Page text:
By Michelle Graff
Signet Jewelers CEO Gina Drosos announced Thursday that the company soon will open the first full-line brick-and-mortar store for online retailer James Allen. Signet acquired James Allen parent company, R2Net, in September 2017.
Akron, Ohio—Signet Jewelers Ltd. CEO Gina Drosos announced Thursday that the company will be opening a James Allen concept store and showroom in Washington, D.C., before the upcoming holiday season.

While the company declined to release specifics on location or exact timing, Drosos did say the store will be more technology-focused than Signet’s current stores.

The opening of a full-line brick-and-mortar location is a first for the online retailer; James Allen does have a showroom on Fifth Avenue in New York City, but that space is by appointment only.

The announcement of James Allen moving into brick-and-mortar came as Signet released its second quarter results Thursday morning.

Signet’s total sales hit $1.42 billion in the 13-week period ended Aug. 4, a 2 percent year-over-year increase. Same-store sales were up 2 percent as well.

In North America, comps rose 2 percent. The company’s same-store sales result includes sales on its own e-commerce sites as well as on, which recorded a 25 percent year-over-year increase in sales to $54.4 million.
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Leading the way among Signet’s brick-and-mortar businesses was Piercing Pagoda, with a same-store sales increase of 12 percent, followed by Zales at 7 percent. Jared the Galleria of Jewelry stores recorded a 1 percent increase in comps, while same-store sales at Kay Jewelers slipped 2 percent.

Bridal and fashion jewelry were the strongest sellers in the quarter, while sales of jewelry classified as “other,” including beads, declined. Signet is phasing out its “Charmed Memories” line of beads sold at Kay stores.

E-commerce sales (including James Allen) totaled $150.3 million, an 83 percent year-over-year increase. Online sales accounted for 11 percent of Signet’s sales in the second quarter.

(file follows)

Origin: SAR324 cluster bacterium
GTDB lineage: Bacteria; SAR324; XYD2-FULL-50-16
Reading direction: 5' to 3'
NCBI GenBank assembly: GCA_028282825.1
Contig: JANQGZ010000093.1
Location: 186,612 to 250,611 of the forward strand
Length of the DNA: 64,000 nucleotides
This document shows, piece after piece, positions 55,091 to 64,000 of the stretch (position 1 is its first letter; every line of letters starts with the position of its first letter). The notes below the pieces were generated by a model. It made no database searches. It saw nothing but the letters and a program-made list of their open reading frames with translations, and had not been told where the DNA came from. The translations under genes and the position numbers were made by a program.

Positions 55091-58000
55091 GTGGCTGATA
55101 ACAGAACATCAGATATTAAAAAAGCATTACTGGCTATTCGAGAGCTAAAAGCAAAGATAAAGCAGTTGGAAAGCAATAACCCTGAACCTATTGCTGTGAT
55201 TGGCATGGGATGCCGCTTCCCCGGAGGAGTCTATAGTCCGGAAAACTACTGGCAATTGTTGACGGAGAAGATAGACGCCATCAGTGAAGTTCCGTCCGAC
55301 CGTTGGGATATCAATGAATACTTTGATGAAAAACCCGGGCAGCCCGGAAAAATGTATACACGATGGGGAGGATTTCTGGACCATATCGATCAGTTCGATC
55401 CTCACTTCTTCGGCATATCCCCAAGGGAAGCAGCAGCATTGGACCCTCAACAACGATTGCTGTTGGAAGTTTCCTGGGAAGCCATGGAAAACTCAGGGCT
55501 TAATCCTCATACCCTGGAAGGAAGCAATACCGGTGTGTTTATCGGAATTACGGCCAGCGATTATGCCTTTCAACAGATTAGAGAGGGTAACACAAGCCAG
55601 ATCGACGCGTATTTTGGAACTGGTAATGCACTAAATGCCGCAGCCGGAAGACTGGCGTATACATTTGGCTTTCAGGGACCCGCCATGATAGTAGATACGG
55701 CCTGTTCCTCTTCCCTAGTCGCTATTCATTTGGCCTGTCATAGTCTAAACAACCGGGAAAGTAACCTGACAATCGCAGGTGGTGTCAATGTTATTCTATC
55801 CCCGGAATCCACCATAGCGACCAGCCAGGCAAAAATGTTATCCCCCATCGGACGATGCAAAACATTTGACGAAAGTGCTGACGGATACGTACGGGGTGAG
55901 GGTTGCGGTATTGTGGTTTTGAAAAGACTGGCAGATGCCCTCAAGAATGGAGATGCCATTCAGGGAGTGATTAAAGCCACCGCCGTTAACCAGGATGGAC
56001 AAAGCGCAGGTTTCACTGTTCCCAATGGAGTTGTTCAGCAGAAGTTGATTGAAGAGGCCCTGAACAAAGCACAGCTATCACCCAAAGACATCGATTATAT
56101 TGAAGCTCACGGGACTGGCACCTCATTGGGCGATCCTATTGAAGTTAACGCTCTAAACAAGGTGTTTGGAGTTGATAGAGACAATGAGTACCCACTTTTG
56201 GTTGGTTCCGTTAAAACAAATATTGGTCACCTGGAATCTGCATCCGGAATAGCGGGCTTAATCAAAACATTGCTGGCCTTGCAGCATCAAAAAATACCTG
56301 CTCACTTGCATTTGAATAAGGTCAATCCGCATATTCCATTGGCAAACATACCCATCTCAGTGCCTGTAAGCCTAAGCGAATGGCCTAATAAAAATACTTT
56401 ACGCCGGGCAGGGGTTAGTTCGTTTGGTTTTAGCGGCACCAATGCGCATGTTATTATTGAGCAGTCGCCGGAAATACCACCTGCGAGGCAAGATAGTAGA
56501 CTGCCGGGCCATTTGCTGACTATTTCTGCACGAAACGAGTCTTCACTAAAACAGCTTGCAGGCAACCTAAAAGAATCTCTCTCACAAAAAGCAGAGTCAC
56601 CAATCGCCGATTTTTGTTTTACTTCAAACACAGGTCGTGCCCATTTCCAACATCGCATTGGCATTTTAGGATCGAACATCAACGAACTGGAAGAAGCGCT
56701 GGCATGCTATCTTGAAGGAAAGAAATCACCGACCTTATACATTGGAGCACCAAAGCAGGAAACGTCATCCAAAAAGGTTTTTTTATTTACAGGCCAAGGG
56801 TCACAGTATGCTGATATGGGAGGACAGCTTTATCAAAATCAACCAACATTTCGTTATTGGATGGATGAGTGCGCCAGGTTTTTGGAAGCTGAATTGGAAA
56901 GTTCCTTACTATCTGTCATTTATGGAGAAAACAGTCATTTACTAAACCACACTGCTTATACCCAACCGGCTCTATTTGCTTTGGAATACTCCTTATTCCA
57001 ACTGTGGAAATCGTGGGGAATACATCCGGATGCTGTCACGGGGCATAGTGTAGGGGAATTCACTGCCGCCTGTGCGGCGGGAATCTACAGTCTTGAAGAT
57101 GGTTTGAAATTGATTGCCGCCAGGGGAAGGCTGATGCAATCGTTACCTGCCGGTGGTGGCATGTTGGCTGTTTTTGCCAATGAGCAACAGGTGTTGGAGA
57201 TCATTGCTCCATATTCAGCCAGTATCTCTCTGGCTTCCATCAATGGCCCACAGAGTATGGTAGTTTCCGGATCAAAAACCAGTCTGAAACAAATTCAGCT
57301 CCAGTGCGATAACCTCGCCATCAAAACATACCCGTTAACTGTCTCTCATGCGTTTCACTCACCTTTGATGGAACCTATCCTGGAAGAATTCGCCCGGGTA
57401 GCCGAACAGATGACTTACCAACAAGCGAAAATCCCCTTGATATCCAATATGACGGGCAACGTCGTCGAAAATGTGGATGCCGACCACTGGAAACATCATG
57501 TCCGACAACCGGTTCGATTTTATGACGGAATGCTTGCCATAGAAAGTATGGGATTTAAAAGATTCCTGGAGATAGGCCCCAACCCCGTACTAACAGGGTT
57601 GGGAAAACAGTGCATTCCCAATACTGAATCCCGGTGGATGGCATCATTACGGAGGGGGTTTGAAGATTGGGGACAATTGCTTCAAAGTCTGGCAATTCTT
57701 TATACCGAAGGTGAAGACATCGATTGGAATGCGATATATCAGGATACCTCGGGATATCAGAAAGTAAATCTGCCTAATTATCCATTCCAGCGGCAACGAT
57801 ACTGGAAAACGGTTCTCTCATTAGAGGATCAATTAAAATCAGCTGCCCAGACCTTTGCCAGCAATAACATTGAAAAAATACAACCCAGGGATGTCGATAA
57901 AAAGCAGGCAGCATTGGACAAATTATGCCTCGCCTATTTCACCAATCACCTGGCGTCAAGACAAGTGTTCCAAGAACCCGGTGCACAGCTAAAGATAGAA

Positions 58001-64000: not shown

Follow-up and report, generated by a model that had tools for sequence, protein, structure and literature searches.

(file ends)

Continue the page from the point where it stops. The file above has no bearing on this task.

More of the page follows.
The increases come as Signet is in the middle of a three-year turnaround plan launched in March and termed the “Path to Brilliance.”

Drosos said the retailer is “encouraged” by the results so far and is “modestly” raising its revenue and earnings guidance for the year. She added, though, that Signet is “remaining appropriately cautious” in its outlook as many of its Path to Brilliance initiatives are being launched later in the year.

Toward the conclusion of Thursday’s earnings call, the Signet CEO was asked about lab-grown gemstones, specifically lab-grown diamonds and if Signet had any interest in carrying them.

While Drosos echoed some of what she told Yahoo Finance in an April interview—that she believes consumers want a mined diamond for their engagement ring—she did not seemed closed to the idea of Signet carrying lab-grown diamonds in fashion jewelry.

She said there could be some “growing interest” in the fashion jewelry space for lab-grown diamonds, adding: “We will make sure Signet is well-positioned to participate in that space … if customers point us in that direction.”

Her philosophy on man-made diamonds sounds similar to one adopted by De Beers in launching its lab-grown line, Lightbox: lab-grown diamonds belong in lower-priced fashion jewelry given for occasions like graduation and Sweet 16, while mined diamonds are for engagement rings.

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